File Magic and File Magnet cost the same: $4.99 for the iPhone version, and the Mac/PC version is free.

Rating these utilities is tough – depending on your needs, they can be “Meh”, pricey-but-nice, or the best thing ever. Obviously, if you’re a Mac user with iWork, you’ll be much happier with File Magnet – it handles those documents nicely. If you like the organization into file types, due to having a lot of files, File Magic may be more your cup of tea. Overall, I’ll have to give three stars to File Magic and four to File Magnet.

File Magnet

Pros:
Quick authentication
No iTunes hassles
Handles iWork files
Nice long-document navigation

Cons:
Files are read-only, in the program
WiFi only – slow for large/many files
Transfers can be blocked by router

File Magic

Pros:
Quick authentication
No iTunes hassles
Good document-type filtering

Cons:
Files are read-only, in the program
WiFi only – slow for large/many files
Transfers can be blocked by router

Posted in: iPhone, iPad, iPod

4 comments… add one

  • Matt June 23, 2009, 9:39 am

    I have had file magnet for many months, and I haven’t used it as often as I thought I would. I have many concerns with Splashdata, I’ve used their Splashmoney program to track my finances since way back to the Palm days. They have not been able to workout the bugs of synching on the iPhone, even a year later. I regularly lose transactions when syncing and don’t find out till I do the paper balancing at the end of the month. I have been very communicative with them, they respond by saying wait for the update, yet the problem exists.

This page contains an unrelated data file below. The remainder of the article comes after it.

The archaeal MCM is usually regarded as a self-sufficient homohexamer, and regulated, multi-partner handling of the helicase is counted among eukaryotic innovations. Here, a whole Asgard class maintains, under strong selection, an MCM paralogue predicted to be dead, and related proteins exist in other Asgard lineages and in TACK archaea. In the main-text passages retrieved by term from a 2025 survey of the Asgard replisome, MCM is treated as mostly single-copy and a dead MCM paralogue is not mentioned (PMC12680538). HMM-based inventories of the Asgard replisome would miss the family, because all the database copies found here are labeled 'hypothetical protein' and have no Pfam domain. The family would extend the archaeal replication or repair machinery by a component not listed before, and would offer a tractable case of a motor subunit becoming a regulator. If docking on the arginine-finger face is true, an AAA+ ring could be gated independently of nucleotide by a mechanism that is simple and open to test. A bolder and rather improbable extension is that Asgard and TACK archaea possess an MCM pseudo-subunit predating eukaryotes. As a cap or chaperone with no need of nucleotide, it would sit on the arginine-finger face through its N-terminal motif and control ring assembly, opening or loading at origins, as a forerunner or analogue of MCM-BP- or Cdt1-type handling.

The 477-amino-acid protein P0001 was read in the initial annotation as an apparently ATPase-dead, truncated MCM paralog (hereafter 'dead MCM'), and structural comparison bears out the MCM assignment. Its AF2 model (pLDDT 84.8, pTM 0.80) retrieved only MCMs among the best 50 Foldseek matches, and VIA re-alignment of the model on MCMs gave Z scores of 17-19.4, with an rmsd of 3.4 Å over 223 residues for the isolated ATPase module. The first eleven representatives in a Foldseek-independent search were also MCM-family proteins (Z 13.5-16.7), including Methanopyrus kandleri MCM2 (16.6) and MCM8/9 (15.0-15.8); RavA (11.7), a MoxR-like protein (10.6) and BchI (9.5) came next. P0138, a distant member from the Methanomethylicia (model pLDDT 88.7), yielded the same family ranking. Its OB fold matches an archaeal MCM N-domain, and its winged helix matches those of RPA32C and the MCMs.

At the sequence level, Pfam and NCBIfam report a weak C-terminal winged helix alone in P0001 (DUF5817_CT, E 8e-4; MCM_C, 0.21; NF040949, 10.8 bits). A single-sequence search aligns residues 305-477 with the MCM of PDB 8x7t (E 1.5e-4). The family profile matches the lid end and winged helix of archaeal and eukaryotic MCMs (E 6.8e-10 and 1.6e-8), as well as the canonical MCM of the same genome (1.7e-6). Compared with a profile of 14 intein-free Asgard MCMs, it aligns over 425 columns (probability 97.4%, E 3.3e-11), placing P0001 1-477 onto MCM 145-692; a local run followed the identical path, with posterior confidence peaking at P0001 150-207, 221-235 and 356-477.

1
  • Arseny Lebedev June 23, 2009, 12:43 pm

    Hey thanks for the review! We’re glad you found FileMagnet useful. Cheers!

    2
  • Paul Lagasse July 3, 2009, 3:34 pm

    I bought FileMagnet when it first came out and it has been a mainstay of my “office apps” and my preferred PDF reader ever since. The tilt-to-scroll feature makes it indispensable. Great for one-handed reading, for example when you’re holding a subway strap with the other hand. I haven’t seen that feature on any other reader program, for example Docs To Go or Quickoffice.

    3
  • robinson July 11, 2009, 6:36 pm

    From the app store descriptions, it seems that File Magnet has one more advantage over File Magic– namely the ability to display RTF files!

    OTOH, it seems as if Magic might have the ability to organize docs by folders. That wasn’t clear from the review… can one create folders within Magic?

    I’m still looking for an app that can read RTF docs and organize them via folders–of my own creation– just the way Wordsmith did on the Palms!

    4